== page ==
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from The Wall Street Journal

Waste Lands

Waste Lands America's forgotten nuclear legacy: During the build-up to the Cold War, the U.S. government called upon hundreds of factories and research centers to help develop nuclear weapons and other forms of atomic energy. At many sites, this work left behind residual radioactive contamination requiring government cleanups, but the government's own records about many of the sites unclear. The Journal compiled a database to trace this historic atomic development effort and its…

from The Japan Times

North Korea's nukes are much scarier than its hacks

While the world’s attention focuses on North Korea’s cyberwar with Sony Pictures, it is rapidly increasing its stockpile of nuclear weapons, with little pushback from the US. A new analysis of North Korea’s nuclear program estimates that North Korea could have enough material for 79 nuclear weapons by 2020. The analysis, part of a larger project called “North Korea’s Nuclear Futures” at the Johns Hopkins School of Advanced and International Studies hasn't been previously published.

from WSJ

When Sub Goes Silent, Who Has Control of Its Nuclear Warheads?

When Sub Goes Silent, Who Has Control of Its Nuclear Warheads? China’s growing fleet of nuclear-missile submarines poses a delicate question: Can a highly centralized communist system entrust a submarine commander to carry nuclear weapons far from China’s shores? A Cold War episode illustrates the risks - a diesel-powered Soviet sub, the B-59, in the Sargasso Sea.

NPT Brief: Keeping Chinese Nuclear Weapons Off Hair-Trigger Alert - May 18, 2015: An overwhelming majority of NPT member states agree that keeping nuclear weapons on hair-trigger alert presents an irresponsibly high risk of an accidental or mistaken launch. The final report of the last NPT review conference, held in 2010, included a requirement to lower alert levels. The United States is doing its best to make sure that requirement is stripped from the final language of the 2015 report…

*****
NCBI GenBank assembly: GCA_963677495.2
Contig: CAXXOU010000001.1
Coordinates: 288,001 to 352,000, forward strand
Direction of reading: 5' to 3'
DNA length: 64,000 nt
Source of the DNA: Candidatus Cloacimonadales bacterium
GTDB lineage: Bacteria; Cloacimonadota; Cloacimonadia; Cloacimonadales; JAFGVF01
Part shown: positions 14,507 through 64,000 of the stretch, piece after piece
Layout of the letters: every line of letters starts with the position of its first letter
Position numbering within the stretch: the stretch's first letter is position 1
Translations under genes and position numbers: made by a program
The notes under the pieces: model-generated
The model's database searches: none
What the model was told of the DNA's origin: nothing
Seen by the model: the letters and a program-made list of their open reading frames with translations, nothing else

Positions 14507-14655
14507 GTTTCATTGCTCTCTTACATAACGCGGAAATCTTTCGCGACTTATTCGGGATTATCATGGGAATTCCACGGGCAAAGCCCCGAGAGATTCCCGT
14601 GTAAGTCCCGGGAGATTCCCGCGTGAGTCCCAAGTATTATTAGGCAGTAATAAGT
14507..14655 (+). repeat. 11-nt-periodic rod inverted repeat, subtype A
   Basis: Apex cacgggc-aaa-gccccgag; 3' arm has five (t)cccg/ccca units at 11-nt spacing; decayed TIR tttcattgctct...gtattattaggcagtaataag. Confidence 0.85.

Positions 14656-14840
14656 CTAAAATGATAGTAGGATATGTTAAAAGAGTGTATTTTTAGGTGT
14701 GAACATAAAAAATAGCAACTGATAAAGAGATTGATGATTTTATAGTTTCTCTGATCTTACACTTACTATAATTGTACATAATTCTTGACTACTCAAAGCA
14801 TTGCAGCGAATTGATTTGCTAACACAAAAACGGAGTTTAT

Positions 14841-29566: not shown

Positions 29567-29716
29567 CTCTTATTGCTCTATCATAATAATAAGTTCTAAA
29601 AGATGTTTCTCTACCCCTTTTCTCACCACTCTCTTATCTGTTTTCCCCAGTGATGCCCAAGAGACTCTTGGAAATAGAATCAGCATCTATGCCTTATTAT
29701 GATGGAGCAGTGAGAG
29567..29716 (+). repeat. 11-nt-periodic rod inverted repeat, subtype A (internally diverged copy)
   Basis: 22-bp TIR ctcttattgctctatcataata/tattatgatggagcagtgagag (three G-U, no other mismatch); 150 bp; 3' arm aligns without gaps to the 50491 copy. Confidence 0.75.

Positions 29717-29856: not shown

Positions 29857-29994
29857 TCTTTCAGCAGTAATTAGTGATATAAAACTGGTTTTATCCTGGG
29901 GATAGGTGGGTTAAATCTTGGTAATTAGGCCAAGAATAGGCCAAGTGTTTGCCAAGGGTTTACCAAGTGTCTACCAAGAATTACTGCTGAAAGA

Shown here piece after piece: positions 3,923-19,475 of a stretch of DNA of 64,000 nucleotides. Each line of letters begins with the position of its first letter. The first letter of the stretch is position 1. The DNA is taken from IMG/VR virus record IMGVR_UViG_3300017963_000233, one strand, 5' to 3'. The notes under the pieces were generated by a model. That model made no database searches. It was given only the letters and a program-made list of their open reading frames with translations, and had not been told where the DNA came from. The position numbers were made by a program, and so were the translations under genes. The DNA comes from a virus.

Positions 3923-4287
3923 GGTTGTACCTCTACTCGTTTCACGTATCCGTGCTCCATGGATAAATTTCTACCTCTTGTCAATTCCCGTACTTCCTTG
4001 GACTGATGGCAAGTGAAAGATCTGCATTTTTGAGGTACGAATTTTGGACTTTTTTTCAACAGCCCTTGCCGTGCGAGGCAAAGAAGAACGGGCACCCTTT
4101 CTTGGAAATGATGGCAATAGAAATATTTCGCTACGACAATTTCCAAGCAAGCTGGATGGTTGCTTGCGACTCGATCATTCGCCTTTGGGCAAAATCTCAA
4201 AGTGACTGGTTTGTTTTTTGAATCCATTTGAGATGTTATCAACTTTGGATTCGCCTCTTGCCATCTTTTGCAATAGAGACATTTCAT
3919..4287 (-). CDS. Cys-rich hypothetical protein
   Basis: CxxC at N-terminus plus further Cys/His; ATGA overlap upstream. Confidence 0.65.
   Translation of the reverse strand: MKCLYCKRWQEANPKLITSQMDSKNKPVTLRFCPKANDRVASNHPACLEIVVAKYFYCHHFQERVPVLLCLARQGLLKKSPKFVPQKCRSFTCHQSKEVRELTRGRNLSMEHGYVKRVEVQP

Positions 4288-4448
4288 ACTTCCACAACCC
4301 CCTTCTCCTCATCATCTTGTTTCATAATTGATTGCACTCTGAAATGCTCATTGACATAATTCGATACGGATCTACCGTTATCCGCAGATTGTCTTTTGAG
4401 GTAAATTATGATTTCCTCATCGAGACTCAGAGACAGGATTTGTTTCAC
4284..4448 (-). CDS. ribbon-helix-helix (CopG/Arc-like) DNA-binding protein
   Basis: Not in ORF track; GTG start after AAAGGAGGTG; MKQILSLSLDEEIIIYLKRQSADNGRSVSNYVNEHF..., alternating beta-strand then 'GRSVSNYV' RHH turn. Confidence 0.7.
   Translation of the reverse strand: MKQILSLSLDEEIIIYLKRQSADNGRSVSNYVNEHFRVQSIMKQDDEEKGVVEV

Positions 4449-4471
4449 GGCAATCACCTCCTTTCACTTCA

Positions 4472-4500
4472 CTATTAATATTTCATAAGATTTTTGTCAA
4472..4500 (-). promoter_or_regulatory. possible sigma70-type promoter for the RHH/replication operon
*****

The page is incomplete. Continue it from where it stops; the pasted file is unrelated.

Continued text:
The most recent results of Kelp Watch 2014: Cesium-137 was detected in all West Coast samples at very low levels. This isotope is still detectable in the marine environment due to above-ground nuclear weapons testing that took place mostly in the 1950s and 1960s. The very low limits set on the shorter-lived Cesium-134 mean that the Cs-137 cannot be directly tied to the Fukushima releases and is more likely due to these "legacy" sources.

Sir Joseph Rotblat Nuclear physicist and Nobel peace prizewinner who quit the Manhattan Project and whose Pugwash initiative helped thaw the cold war

The original tree at Zenpukuji Temple in Tokyo is 1200 years old. It also survived a bomb in the 2nd World War and still has a big black scar running down its side. Zenpukuji was the site of the first US Consulate in Tokyo. http://www.unitar.org/greenlegacyhiroshima